Decoding New York City’s Fair Workweek Law and what it means for you

New York City and State are joining a growing number of regions moving to implement laws that protect shift workers. Late last year, the Fair Workweek Law was introduced to set out shift scheduling guidelines for employees in retail and hospitality. The law has a rather specific impact on the management of affected businesses. Here is how it works and how you can stay compliant.

The Fair Workweek Law covers employees who perform at least one of the following tasks at a fast food establishment in NYC: customer service, cooking, food or drink preparation, delivery, security, stocking supplies or equipment, cleaning, or routine maintenance.

It also covers retail employees. This refers to retail businesses where more than 50% of sales transactions go to retail consumers in a calendar year at one or more locations in New York City. Retail businesses that do not meet this definition are not subject to the Law.

Employers are required to provide employees with a written notice of work schedules (Good Faith Estimate) containing all an employee’s scheduled shifts. The rules provide that, on or before an employee’s first day of work, the employer must provide an initial work schedule containing all shifts the employee will work until the start of the first shift on the next work schedule. The employer must also issue an updated work schedule as required by the advance scheduling provisions of the Law.

In addition, the law provides that employers must pay an amount between $10 and $75 in “premium pay” for any changes to an employee’s schedule that is made less than two weeks in advance. A schedule change premium is required when the total change to a shift exceeds 15 minutes.

Furthermore, an employer must pay the employee a $100 premium if the employee is involved in both the opening and closing of the establishment. This is known as a “clopening shift”. It involves working two shifts over two days when the first shift ends and there is less than 11 hours between shifts.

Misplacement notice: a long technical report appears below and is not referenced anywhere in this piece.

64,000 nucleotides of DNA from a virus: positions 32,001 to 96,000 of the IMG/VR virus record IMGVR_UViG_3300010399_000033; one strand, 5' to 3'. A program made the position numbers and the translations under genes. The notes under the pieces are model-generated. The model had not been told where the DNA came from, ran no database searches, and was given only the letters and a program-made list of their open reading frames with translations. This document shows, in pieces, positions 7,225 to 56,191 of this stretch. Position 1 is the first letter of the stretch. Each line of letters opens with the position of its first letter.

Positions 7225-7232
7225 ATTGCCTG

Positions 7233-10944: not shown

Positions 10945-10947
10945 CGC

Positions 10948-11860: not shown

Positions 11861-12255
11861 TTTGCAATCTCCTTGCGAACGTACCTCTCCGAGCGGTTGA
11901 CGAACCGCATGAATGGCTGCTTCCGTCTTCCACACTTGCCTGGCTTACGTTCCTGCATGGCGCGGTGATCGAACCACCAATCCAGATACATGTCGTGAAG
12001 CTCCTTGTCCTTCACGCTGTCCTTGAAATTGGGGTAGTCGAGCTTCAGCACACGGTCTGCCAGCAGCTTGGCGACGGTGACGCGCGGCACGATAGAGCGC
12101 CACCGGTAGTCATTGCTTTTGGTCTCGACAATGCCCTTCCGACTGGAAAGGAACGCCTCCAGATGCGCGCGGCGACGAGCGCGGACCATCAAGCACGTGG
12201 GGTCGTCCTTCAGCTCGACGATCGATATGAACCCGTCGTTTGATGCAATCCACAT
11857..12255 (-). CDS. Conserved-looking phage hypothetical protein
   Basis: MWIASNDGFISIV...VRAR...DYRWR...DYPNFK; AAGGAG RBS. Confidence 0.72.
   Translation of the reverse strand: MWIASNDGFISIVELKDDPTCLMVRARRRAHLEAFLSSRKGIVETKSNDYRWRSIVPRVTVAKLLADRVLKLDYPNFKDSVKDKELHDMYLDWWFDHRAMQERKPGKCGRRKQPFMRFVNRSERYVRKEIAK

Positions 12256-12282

The employer must secure written consent from the employee for all shift changes.

Employers must retain the electronic compliance records described below for the noted period of time. If an employer fails to retain or produce records, employees receive a “rebuttable presumption” in their favor when they bring their complaint in court. This means that the burden will be on employers to show they did not violate the law.

Employers must retain records of: worker hours each week, each worker’s shifts worked, including date, time, and location, Good Faith Estimates of work hours provided to workers, Workers’ written consent to work clopenings and to schedule changes when required. You must also retain each written schedule provided to workers and all premium payments to workers, including dates and amounts.

All of these records must be retained for three years. These new compliance requirements put a pretty hefty burden of record keeping on the business owner to stay in compliance. This is where technology can be imperative in documenting and facilitating your compliance.

Deputy and Xero can make predictive scheduling a breeze:

  • Trade shifts: as a requirement of the Fair Workweek, trading shifts between employees is easy BUT employees can only trade shifts with others that are trained, available, and won’t exceed overtime or other compliance rules.
  • Send schedules electronically: publish employee schedules using text messaging, email and push notifications to instantly alert your team so they know exactly when and where they should be.
  • Monitor penalties: automatically detect and add Premiums (penalties) to the timecard for manager review and approval. Submit to payroll with a click.
  • Make your schedule visible: deploy schedules to your employees and managers in a few days, eliminating exposure of non-compliance.  

This post serves as a cursory overview of the law. For more information, consult with your trusted accounting professional.

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